[arin-ppml] Policy Proposal: Open Access To IPv6

Tom Vest tvest at pch.net
Sat May 30 12:15:44 EDT 2009

On May 29, 2009, at 5:58 PM, Matthew Kaufman wrote:

> Leo Bicknell wrote:
>> The end user policy gives out /48's.  If we want folks to get a
>> network they can play with in their garage, let's do it under the
>> end user policy.  This policy proposal affects the ISP section,
>> giving out /32's for the express purpose of assigning /48's to other
>> entities.  Let's leave it for folks who are really ISP's, and really
>> providing services to others.
> Ah. "Folks who are really ISPs". This is as bad as the com-priv list  
> in 1992... We *don't know* who is/will be "an ISP". A school  
> district providing service to all its schools? A corporation with a  
> dozen subsidiaries around the world? A guy in his garage who gives  
> away free wireless to his neighborhood?
> Really there shouldn't even *be* a distinction. If you need a / 
> whatever of IPv6 and can write a convincing letter to that effect,  
> you should be able to get at least that much unique IPv6 space.  
> Whether it can be routed now or in the future is really between you  
> and whichever transit provider you choose *should you even need  
> external connectivity*.

Unfortunately, distinctions of some kind are unavoidable as long as  
the carry capacity of the routing system is finite, and jointly  
produced by independent routing services providers. If IPv6 allocation  
policies cause, or simply facilitate/accelerate the unsustainable  
growth of routing system requirements, then some other mechanism will  
have to emerge to mitigate that risk. IPv4 allocation policies have  
provided a flexible, transparent, limiting effect on the growth rate  
for routing requirements by making aggregation not only possible, but  
commonplace. In order to make aggregation *possible*, there must be  
some kind of eligibility test for justifying an institution's claim to  
a "top-level" role in the routing system, i.e., as an aggregator or an  
independent. In order to make aggregation *likely*, it's prudent to  
define those eligibility criteria in a way that aligns the aspiring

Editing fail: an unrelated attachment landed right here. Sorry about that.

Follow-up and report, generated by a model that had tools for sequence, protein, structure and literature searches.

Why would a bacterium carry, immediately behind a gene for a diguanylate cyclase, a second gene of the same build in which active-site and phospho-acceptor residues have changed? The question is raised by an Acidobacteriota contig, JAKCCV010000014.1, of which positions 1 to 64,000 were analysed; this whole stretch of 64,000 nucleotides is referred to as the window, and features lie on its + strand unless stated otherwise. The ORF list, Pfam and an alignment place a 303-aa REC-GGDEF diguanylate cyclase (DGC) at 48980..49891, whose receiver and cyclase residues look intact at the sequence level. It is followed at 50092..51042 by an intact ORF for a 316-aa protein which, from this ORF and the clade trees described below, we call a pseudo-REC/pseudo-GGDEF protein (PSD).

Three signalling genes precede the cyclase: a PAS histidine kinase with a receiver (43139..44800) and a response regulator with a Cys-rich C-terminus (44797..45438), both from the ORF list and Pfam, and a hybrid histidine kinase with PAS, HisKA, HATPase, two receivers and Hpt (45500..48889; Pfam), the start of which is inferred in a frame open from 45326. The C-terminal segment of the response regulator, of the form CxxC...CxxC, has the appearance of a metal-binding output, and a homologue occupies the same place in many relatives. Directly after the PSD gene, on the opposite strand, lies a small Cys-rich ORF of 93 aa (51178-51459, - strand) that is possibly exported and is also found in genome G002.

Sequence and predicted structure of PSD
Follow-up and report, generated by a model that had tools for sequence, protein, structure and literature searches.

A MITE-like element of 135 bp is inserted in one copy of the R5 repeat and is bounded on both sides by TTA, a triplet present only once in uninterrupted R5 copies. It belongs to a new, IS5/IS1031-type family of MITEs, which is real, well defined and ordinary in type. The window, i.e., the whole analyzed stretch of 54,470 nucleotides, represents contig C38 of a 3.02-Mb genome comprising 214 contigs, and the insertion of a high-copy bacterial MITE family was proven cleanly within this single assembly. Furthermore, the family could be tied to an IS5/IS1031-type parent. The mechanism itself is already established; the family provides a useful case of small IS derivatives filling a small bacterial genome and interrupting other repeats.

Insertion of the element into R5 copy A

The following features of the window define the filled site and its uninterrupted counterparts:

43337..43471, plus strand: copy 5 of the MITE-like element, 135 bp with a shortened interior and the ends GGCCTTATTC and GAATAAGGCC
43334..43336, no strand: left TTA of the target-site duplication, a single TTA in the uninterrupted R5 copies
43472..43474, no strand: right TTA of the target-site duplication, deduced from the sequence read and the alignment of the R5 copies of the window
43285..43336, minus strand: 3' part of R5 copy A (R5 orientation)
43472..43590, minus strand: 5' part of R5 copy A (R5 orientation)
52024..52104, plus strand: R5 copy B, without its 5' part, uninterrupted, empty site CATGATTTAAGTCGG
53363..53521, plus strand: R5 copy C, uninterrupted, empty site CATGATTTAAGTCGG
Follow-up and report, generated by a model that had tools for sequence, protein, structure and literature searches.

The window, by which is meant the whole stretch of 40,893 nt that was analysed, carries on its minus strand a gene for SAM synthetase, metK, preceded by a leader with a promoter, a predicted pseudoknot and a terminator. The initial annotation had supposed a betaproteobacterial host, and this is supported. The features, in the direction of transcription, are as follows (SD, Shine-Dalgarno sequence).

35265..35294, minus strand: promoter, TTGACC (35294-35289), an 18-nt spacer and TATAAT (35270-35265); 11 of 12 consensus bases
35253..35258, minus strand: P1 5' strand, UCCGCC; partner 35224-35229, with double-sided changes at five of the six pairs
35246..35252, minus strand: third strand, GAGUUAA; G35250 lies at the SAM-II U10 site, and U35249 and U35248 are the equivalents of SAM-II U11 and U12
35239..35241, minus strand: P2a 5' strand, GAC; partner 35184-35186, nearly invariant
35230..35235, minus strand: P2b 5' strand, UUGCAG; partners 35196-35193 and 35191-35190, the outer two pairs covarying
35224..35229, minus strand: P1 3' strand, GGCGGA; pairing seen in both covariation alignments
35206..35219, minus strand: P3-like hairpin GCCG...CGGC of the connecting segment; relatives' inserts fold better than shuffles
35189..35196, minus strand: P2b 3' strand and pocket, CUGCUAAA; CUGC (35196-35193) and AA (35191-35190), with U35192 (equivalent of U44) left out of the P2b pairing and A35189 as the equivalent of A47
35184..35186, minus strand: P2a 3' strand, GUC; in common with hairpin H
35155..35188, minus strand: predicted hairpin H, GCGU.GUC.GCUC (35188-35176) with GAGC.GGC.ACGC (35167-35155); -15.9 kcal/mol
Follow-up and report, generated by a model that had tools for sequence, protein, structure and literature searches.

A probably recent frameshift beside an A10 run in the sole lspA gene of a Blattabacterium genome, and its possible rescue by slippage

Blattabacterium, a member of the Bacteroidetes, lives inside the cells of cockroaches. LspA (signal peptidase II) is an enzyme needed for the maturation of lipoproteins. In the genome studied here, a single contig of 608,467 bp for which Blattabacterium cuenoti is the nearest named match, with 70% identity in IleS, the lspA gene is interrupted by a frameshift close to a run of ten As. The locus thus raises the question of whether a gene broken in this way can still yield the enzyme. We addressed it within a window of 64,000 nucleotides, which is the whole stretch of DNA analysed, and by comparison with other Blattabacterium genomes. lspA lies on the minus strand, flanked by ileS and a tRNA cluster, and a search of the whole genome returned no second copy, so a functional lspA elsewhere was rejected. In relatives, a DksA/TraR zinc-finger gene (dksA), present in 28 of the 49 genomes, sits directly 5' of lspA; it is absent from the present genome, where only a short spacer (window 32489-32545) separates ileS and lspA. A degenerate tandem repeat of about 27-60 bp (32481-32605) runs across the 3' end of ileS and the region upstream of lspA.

top-level routing system participant's incentives with the continued  
sustained growth of the routing table -- e.g., with "needs" related  
criteria that demonstrate that the entity has invested real money in  
real factors (hardware, network capacity, etc.) that can generate  
value only as long as routing works, and that would be at risk of  
becoming worthless if the routing system becomes unmanageable or fails  

Since independents are by definition non-aggregatable, there needs to  
be some other (probably arbitrary) criterion to limit their absolute  
numbers, e.g., a steep up-front fee. And in order for the whole  
arrangement to be sustainable over time, there must be a clear, fair,  
and widely accepted mobility path for customers to become providers,  
or "independents", and vice versa. To be sustainable, everybody must  
have a clear "out" -- one that is clear both to insiders and outsiders.
You don't want to be aggregated, fine, go make some investments that  
demonstrate that you've got chips in the same routing services game  
that the rest of us are playing, and you can get address resources of  
your own under community-defined policies. You just need to be  
independent? Fine, then pay this sizable, community-defined fee that  
demonstrates that your need is of roughly the same magnitude as the  
burden that "just need to be independents" like you impose on those  
who are playing by the rules of routing system sustainability. Don't  
want to pay that fee either? Okay, here are some operators that can  
provide you with aggregatable address resources bundled with routing  

Even if the quantity of usable IP addresses were literally infinite,  
it would prudent to think hard before dumping needs-related allocation  
criteria. Because if/when this arrangement is abandoned at the point  
of IP address distribution, something similar will just have to be  
recreated at the level of routing service provision. Unfortunately, at  
that level there won't be an "out" for anybody -- there's no credible  
way to tell an aspiring new entrant "fine, just go build your own  
global-scale IP transit system."

We like to remind ourselves that routing decisions are the absolute  
sole prerogative of individual operators, but there are some  
circumstances in which that would likely be more of a problem than a  
point of honor. To date, the inter-domain routing system has been a  
global scale "cooperative undertaking" -- but the only material  
difference between a "cooperative undertaking" and a "collusive  
cartel" is the non-discriminatory, non-adversarial, openness of that  
system to new players. Absolute sovereignty over routing decisions has  
no downside as long as somebody else (e.g., the address allocator)  
guarantees market openness. But if/when that ceases to be true, you're  
on the hook. You don't like "distinctions" applied at the level of  
address allocation, fine -- what kind of distinctions are you going to  
impose on aspiring customers who want you to announce their PI  
prefixes? What kind of distinctions do you expect will be imposed on  
your announcements by upstream providers? How are you going to justify  
your own routing service rationing criteria to critics, because there  
are always critics...?


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